Forget the debate about whether vodka was originally invented in Russia or Poland or the battle over which country makes the world’s best: for better or worse, the smooth clear spirit is inextricably tied to Russia. But which Russian vodka is the tastiest…and which is the best one for you to bring to a friend’s party? It’s a complicated question, made even more difficult by the fact that vodka, by definition, doesn’t have that much flavor. At its heart, it’s designed to be a blank slate, ready to be written on by the combination of mixers and garnishes that accompany it. (Speaking of which, here are a few snacks that go really well with vodka shots).

This isn’t to say that it’s completely flavorless: if you set five or six premium vodkas side-by-side and sip them, one after the other, with a glass water to clear your palate, you’ll discover little flavor nuances that make each one distinctive. It’s a fun experiment to try. Once. (There’s a word for people who “try” it regularly. That word isn’t “imaginative.” It also probably isn’t “functional”).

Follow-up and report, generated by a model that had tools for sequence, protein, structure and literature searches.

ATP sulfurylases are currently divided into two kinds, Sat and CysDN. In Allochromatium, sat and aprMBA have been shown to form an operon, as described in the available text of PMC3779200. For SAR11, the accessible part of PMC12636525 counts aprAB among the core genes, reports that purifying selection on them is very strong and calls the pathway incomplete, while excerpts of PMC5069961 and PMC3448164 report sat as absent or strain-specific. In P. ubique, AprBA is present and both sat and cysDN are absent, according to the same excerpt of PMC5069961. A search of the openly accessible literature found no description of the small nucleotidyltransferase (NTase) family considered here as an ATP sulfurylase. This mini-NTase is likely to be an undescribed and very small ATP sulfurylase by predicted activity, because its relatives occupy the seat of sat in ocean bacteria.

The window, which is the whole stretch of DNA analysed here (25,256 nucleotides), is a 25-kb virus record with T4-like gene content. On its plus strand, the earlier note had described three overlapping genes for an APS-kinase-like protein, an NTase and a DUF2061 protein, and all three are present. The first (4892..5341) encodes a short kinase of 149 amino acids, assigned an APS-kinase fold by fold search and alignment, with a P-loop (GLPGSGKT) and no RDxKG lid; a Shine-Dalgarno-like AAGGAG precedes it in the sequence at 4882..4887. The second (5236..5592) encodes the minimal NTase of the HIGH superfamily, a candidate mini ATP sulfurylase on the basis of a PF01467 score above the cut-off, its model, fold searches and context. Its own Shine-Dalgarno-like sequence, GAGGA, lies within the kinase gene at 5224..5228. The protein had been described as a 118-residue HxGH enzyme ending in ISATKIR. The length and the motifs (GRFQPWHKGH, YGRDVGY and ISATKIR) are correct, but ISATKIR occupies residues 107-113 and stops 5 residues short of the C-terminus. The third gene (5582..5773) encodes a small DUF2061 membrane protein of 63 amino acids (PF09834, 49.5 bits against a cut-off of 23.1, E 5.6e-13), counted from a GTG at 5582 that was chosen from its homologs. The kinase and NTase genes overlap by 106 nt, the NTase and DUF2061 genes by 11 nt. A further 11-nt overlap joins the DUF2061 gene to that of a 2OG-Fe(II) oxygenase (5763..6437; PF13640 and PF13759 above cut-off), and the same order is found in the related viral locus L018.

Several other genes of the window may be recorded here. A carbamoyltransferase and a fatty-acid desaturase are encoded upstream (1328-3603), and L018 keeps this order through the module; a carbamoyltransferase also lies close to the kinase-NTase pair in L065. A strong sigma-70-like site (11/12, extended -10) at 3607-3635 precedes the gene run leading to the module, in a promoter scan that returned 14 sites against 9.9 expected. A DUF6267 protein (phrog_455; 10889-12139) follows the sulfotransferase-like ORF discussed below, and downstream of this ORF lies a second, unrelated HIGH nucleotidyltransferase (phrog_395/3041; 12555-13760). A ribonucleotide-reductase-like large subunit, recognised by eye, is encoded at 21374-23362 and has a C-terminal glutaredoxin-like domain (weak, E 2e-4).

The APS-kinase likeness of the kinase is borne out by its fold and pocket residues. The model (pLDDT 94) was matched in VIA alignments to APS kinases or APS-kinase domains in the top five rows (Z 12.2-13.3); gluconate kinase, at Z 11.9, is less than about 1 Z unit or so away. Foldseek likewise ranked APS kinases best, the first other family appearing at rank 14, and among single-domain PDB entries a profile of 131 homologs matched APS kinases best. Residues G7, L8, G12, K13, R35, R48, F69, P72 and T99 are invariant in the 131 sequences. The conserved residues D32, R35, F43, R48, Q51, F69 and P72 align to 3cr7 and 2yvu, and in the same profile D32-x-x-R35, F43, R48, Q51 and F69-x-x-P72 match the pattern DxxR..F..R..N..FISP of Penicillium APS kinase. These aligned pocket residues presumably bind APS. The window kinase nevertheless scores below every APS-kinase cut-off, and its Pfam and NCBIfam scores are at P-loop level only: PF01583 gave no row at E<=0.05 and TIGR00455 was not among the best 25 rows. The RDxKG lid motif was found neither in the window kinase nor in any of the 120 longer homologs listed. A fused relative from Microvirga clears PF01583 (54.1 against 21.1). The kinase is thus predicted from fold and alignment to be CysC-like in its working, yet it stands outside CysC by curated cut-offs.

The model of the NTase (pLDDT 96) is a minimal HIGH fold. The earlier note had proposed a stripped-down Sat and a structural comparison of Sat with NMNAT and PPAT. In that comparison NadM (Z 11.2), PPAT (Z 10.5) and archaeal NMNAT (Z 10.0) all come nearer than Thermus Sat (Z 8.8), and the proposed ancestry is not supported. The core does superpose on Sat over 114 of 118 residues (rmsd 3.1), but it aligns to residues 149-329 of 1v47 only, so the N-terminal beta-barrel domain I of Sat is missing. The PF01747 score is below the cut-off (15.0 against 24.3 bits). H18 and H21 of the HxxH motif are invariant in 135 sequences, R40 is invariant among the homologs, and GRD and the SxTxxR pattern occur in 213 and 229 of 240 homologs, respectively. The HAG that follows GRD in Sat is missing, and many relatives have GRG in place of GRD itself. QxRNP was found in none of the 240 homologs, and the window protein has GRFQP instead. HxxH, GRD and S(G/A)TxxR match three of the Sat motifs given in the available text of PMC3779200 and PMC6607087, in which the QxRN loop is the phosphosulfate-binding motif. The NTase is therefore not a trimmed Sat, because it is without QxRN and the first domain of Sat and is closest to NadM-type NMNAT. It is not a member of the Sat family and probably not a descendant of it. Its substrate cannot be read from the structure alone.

But for the vast majority of us – specifically, those of us who have not spent the last few years subsisting on rainwater and grain alcohol – the nuances of vodka are largely academic. Any middle or top-shelf vodka is going to be smooth, especially if you chill it before drinking. And, even for those with the tastebuds of a hummingbird and the nose of a bloodhound, the delicate flavors of vodka will disappear by the third shot.

So if you’re not going to base your Russian vodka choice on flavor, what should be the most important consideration? The label, of course! In most cases, your fellow vodka drinkers will make up their minds about the liquor in question before you break the tax stamp. So, given that this is one case where the book will most definitely be judged by the cover, here are a few key brands – and the message that they will send your guests and your hosts when you bring them to the table.

(Note: all vodkas are in their original flavor, without the addition of blueberries, bananas, whipped cream, marshmallow fluff, and so on. This is because we’re assuming that the people reading these reviews are over the age of fifteen, aren’t drinking this stuff on a dare, and don’t want vodka that tastes like a snow cone. If that is not the case, go with Stoli Salted Karamel).